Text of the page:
A Leg Ulcer is a sore on your leg or foot that takes a long time to heal. They often develop on the inside of your leg, just above your ankle. Ulcers can be caused by problems with your blood vessels. If the blood isn't flowing as it should, it can increase the pressure in your blood vessels, which can damage your skin and lead to ulcers.
Most leg ulcers are caused by a disease of the veins in your leg, which are called venous leg ulcers. Veins carry blood from your body and back to your heart. An arterial leg ulcer is caused by a problem with your arteries – blood vessels that carry blood away from your heart. Conditions such as diabetes can cause leg ulcers too.
Symptoms of a leg ulcer include pain, itching and swelling in your leg. Your skin around the ulcer may be discoloured or hardened and the sore may produce a foul-smelling discharge too.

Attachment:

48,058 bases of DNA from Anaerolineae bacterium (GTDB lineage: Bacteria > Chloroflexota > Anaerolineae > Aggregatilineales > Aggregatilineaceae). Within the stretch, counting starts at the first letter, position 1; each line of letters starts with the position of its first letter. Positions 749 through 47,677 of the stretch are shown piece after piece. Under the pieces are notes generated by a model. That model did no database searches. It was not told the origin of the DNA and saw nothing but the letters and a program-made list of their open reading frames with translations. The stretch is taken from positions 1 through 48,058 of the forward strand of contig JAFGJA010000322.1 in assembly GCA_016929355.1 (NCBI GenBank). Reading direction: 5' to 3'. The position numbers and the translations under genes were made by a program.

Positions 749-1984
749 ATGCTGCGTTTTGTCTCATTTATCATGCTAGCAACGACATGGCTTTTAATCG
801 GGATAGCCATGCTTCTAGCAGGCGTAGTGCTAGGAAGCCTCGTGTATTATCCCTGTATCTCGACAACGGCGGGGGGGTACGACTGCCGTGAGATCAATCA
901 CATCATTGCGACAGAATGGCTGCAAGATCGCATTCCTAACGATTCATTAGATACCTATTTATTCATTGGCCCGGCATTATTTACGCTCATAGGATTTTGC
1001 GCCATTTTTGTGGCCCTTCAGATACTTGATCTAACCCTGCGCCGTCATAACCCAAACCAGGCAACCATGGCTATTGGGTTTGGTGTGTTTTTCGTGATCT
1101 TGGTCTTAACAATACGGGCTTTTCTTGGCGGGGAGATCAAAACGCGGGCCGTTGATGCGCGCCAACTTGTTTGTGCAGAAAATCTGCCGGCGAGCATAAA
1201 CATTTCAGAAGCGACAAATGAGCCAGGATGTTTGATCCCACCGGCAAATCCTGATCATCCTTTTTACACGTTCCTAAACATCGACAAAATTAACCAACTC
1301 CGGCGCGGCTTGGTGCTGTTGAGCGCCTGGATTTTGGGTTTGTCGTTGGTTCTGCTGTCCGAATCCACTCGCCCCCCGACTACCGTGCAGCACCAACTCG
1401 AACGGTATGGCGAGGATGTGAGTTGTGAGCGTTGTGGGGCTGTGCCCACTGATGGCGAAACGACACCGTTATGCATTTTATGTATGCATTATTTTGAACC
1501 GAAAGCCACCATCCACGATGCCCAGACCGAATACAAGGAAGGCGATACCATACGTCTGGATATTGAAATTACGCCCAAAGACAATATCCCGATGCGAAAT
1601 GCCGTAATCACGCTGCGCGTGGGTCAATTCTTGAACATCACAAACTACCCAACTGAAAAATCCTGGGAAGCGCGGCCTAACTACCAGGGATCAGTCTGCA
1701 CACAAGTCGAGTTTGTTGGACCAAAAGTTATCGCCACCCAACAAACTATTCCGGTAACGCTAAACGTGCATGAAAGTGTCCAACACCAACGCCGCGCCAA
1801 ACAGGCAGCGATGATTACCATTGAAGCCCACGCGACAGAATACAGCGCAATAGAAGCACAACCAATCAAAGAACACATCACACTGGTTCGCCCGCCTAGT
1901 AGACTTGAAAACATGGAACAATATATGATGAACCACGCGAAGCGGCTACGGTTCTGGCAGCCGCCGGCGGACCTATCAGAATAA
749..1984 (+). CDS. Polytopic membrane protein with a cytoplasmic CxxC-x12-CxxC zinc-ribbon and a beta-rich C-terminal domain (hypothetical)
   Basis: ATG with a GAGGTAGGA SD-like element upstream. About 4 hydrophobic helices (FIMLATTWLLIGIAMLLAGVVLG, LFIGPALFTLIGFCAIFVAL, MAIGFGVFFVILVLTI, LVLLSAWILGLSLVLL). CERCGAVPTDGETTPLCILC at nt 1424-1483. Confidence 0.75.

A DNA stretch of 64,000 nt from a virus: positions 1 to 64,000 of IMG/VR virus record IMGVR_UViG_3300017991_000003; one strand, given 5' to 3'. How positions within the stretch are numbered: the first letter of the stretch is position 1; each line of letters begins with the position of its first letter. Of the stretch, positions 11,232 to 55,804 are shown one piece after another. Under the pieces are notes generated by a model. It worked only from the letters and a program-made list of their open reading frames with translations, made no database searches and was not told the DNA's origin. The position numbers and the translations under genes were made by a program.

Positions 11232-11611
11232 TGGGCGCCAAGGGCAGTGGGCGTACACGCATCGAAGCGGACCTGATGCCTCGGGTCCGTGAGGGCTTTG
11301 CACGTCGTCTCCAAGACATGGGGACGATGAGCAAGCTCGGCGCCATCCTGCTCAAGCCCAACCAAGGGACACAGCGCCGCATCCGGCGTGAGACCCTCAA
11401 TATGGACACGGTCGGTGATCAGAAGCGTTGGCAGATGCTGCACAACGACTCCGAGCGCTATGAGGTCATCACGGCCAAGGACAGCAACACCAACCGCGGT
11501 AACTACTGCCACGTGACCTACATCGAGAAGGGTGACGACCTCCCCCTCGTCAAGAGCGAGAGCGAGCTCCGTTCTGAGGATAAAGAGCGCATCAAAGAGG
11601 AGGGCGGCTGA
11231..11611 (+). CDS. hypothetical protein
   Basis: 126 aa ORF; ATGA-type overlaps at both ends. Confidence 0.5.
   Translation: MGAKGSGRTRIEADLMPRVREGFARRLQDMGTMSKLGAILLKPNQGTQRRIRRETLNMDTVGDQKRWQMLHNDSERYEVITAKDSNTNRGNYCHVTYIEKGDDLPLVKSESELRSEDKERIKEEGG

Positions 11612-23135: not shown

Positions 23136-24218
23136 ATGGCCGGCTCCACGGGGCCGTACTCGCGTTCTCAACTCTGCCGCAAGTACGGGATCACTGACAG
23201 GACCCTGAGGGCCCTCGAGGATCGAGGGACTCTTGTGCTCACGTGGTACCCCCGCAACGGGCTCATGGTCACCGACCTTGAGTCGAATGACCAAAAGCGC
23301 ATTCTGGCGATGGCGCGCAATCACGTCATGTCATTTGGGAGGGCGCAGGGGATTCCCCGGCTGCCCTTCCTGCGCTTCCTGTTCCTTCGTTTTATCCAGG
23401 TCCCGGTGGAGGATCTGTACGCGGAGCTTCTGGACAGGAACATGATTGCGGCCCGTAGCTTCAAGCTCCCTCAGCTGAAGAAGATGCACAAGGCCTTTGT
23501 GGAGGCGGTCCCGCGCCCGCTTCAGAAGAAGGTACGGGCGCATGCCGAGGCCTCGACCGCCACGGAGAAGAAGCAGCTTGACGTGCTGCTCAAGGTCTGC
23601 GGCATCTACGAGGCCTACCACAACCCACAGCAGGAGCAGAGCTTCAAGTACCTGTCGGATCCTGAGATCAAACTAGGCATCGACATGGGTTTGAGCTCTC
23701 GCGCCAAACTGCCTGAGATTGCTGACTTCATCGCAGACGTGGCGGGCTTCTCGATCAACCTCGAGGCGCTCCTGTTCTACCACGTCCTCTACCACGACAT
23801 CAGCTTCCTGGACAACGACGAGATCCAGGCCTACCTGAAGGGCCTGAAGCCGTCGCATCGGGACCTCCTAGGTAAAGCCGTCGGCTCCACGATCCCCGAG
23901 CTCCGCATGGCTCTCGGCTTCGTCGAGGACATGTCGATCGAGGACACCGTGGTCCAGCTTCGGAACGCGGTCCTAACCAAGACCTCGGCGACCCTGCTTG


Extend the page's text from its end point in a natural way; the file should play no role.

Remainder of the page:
Treatment for a leg ulcer usually involves using compression bandages to improve the flow of blood in your legs. If your artery or vein is blocked, you may need surgery. There are two main operations.
- Angioplasty. The blocked or narrowed section of your blood vessel will be widened by inflating a tiny balloon inside the vessel. We have specialised facilities at the Vascular Centre to guide the balloon to your blood vessels in minimally invasive (endovascular) surgery using a catheter (thin tube).
- Bypass graft. Blood vessels will be taken from another part of your body and used to bypass the blockage in your blood vessel.
After your treatment, our rehabilitation team will discuss your recovery with you before you go home. They will also give you advice on how to get back to normal.